short stories

Cruisin’ for a Bruisin’

Leaning my elbows against the cool metal railing of the Star of Kendall, I breathed in the fresh salt air and felt an exhilarating rush of excitement speed through my veins. Turquoise waves of white horses crashed into the side of the ship, and the clear sky was as blue as a child who had to go to the dentist on his birthday.

Forcing myself away from the incredible scenery, I obeyed my rumbling stomach and looked around for a sign that might tell me which way the canteen was. Learning from previous experiences, I made a note of the exact staircase I’d walked down when leaving my room so I didn’t get lost trying to find my way back later on.

The smell of freshly baked croissants and iced tea wafted past my nose as I entered the ship. The Star of Kendall may have looked big from the outside, but nothing compared to what it looked like on the inside. High ceilings with crystal chandeliers, glass tables with white roses sprouting from their centres, and open glass windows providing a view of complete paradise. With a little twist, my skirt spun in a circle and I felt just a little like Maria from The Sound of Music in the very first scene where she is dancing in a field in the mountains.

“What can I get for you, ma’am?”

I jumped when I heard a voice behind me, and turned to see a friendly looking barista smiling at me expectantly.

“Oh! I’ll have a peach iced-tea, please,” I replied, handing her my money and taking a seat at one of the glass tables. I hadn’t been sitting down for two seconds when a guy with a mop of curly brown hair and honey-coloured eyes slid into the chair across from me.

“Can I help you?” I asked uncertainly.

The guy smiled. “I told my family I saw someone I knew so I could get out of going to a dance class with them. I’ve been on this ship for 3 hours and I’ve already been embarrassed enough.”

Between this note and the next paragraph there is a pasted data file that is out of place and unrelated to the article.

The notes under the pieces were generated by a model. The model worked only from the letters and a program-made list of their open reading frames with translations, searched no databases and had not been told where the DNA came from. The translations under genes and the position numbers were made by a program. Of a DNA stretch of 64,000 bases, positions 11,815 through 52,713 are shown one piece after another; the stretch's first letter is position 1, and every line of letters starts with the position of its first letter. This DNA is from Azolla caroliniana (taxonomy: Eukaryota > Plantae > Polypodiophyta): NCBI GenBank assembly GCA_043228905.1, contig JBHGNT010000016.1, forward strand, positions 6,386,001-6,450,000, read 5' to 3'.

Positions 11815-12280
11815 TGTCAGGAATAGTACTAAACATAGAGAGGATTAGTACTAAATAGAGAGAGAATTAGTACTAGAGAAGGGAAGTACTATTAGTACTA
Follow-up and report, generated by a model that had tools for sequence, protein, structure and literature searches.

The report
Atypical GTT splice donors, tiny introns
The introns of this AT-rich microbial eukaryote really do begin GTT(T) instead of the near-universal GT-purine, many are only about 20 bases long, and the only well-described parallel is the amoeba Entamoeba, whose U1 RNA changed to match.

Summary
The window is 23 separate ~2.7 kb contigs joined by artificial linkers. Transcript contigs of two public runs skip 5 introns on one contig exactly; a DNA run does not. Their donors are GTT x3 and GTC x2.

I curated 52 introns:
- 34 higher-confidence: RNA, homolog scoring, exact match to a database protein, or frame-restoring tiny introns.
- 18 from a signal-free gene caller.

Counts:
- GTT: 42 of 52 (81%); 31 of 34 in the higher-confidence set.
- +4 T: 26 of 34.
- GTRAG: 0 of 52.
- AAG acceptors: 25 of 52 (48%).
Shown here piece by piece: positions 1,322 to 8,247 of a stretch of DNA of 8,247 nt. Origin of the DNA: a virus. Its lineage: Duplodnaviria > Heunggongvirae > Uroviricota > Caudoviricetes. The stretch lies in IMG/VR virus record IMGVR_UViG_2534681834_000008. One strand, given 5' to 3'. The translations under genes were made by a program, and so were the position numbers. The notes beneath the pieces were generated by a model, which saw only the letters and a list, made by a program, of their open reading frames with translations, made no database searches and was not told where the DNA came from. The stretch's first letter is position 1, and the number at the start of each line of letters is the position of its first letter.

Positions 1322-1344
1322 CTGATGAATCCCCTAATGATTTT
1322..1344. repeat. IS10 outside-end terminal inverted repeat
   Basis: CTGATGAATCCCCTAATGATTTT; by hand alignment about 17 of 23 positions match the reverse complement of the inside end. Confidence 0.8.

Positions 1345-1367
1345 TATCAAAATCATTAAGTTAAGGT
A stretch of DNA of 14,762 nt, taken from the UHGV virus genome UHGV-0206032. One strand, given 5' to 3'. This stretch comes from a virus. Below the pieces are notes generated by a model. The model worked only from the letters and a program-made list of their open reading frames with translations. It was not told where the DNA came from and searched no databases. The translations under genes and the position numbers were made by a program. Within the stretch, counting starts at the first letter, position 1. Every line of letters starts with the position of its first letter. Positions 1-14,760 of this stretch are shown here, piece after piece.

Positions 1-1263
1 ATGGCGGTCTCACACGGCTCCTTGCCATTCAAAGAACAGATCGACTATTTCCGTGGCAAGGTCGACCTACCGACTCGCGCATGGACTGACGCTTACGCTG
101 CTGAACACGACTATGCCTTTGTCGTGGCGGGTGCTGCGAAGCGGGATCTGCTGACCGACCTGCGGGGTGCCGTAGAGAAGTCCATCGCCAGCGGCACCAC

I chuckled. He had a nice voice, like the sound of a light summer’s breeze blowing through the palm trees. “I take it I’m the ‘someone you know’?” I asked, smiling at him as he leaned back in his chair and folded his arms over his chest.

“Lucky you,” he responded, winking. “I’m Jake, by the way.” He stuck out his hand and I shook it.

“Claire,” I said just as the friendly barista came over and set my iced-tea on the table.

I thanked her before rising to leave.

“Wait a second, don’t make me go back to them!” Jake protested. “The dance class wouldn’t even have been going for five minutes yet!”

I laughed at the pleading look in Jake’s eyes. How could I turn down an attractive guy who was begging me to spend time with him? “It’s not like I have anywhere else to be,” I gave in, sipping my iced-tea. The peachy flavour made my tongue tingle, but it tasted beachy, and that’s how I wanted to feel.

“Thank you so much. Would you like to go for a walk? If you think the view’s great down here, wait until you see it from the top deck.”

My long leisurely afternoon seemed to pass by all too fast as Jake and I talked about almost everything under the sun. When the sky started to change from its deep blue colour to fairy floss pink, I realised that he was probably the only person I’d ever met who seemed interested in my life and was not completely set on talking about himself.

“Are you hungry?” Jake asked around six-thirty that night.

“I don’t think it matters what I say,” I commented playfully. “I can tell by the look on your face that you are.”

Jake raised his eyebrows, then, with a defeated look on his face, said, “You are not wrong.”

As we entered the main deck together, we made a beeline for the buffet. I hadn’t thought I was hungry, but when I saw the tray of roast potatoes and fresh garden salads, my stomach changed its mind. Just as I picked up a plate, I heard a scream coming from behind me and whipped my head around to see what was causing the commotion. My heart stopped when I saw what was lying on the floor a few metres away from me.

With sprawled appendages scattered across the floor, and a crowd slowly beginning to form around it, lay the body of a man who looked as if he was in his mid-twenties. My heart had suddenly started beating again, but faster than it had ever beaten before. My body went numb, and the only thing I felt was Jake slipping his hand into mine and gently pulling me away from the murder scene.